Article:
NJ Attorney General Issues Directive Regarding Bail for Gun Crimes, Sex Offenders
The New Jersey Attorney General just issued a revised directive regarding the new system under Bail Reform. These guidelines provide significant modifications to the initial directive, primarily by encouraging prosecutors to seek pretrial detention for defendants charged with gun crimes, assaults on law enforcement, certain sex crimes, and those arrested while released pending another matter, or on parole.
Attorney General Christopher S. Porrino issued the first directive “Establishing Interim Policies, Practices, and Procedures to Implement Criminal Justice Reform Pursuant to P.L. 2014, c. 31,” last year before New Jersey Criminal Justice Reform took effect in January 2017. The initial directive was intended to provide general guidance regarding policies and procedures for pretrial detention proceedings and bail matters once the Bail Reform changes were in place. About the recent changes, the A.G.’s Office said: “These revisions to our law enforcement directive reflect a renewed confidence that our new system enables us to protect the public by detaining the most dangerous offenders, while avoiding the costs, both fiscal and social, of warehousing indigent non-violent offenders in jail pending trial.”
Recently, the NJ Attorney General’s Office responded to complaints from police under the new system, particularly to issues involving defendants who were arrested, released soon after being detained, and arrested again on new charges pending the resolution of their initial case. Now, the AG’s Office is instructing prosecutors to pursue pre-trial detention for previous sex offenders, those facing gun charges, parolees, or those arrested while on pre-trial release for another crime. This is aligned with the request from the AG for judicial rules that would encourage pre-trial detention for defendants accused of gun crimes or eluding police. Whether or not we will see these judicial rules enacted has yet to be determined.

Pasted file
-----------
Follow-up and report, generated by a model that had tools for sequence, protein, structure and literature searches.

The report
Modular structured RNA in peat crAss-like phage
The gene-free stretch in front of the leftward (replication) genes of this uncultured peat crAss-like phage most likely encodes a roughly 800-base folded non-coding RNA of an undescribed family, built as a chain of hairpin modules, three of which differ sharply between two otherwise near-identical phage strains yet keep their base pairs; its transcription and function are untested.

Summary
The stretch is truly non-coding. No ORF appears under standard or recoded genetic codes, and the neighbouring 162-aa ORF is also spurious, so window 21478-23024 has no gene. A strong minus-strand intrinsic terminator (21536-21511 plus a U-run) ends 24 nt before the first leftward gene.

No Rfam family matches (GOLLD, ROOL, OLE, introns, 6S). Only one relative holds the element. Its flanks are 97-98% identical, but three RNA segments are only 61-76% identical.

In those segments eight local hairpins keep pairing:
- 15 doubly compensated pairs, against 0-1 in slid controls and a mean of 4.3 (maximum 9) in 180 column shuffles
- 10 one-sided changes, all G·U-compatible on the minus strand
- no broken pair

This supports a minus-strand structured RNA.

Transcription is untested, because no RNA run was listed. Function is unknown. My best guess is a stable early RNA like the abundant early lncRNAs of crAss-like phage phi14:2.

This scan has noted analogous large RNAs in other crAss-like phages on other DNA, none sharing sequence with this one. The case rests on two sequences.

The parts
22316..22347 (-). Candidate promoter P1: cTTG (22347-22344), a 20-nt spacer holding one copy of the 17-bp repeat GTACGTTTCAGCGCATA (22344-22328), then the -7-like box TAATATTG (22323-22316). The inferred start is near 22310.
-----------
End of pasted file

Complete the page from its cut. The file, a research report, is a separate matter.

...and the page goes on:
So what specific charges would this apply to? The directive pertains to Graves Act firearms offenses, Certain Persons Offenses for possession of a firearm by a convicted felon, and eluding police in a motor vehicle creating a risk of death or injury to any person.
The other component of the directive involves the way that a person is charged with an offense. In New Jersey, authorities can charge you by complaint-warrant or complaint-summons. To seek pre-trial detention, you must charge a defendant by complaint-warrant. When the court issues a warrant, you are then arrested and can be held in jail for up to 48 hours, after which you must have an initial hearing where the judge decides whether or not you can be released and under what conditions. If you are charged by complaint-summons, you can be arrested, charges filed, and released pending your first appearance in court. The Attorney General’s directive requests that any person charged with eluding or assaulting police or facing child pornography charges be charged via complaint-warrant, and thus detained for up to 48 hours before a bail hearing.
This is yet another development as state officials in New Jersey attempt to further define the rules and practices by which it operates under New Jersey’s Bail Reform System. As a criminal defendant, it is essential to have a knowledgeable and experienced criminal defense attorney who remains abreast of all updates and changes that may affect the way your case proceeds or is ultimately resolved. If you are facing criminal charges in New Jersey, contact The Tormey Law Firm anytime to get your questions answered. Our highly skilled New Jersey criminal lawyers are available 24/7 to assist you and we provide consultations free of charge.
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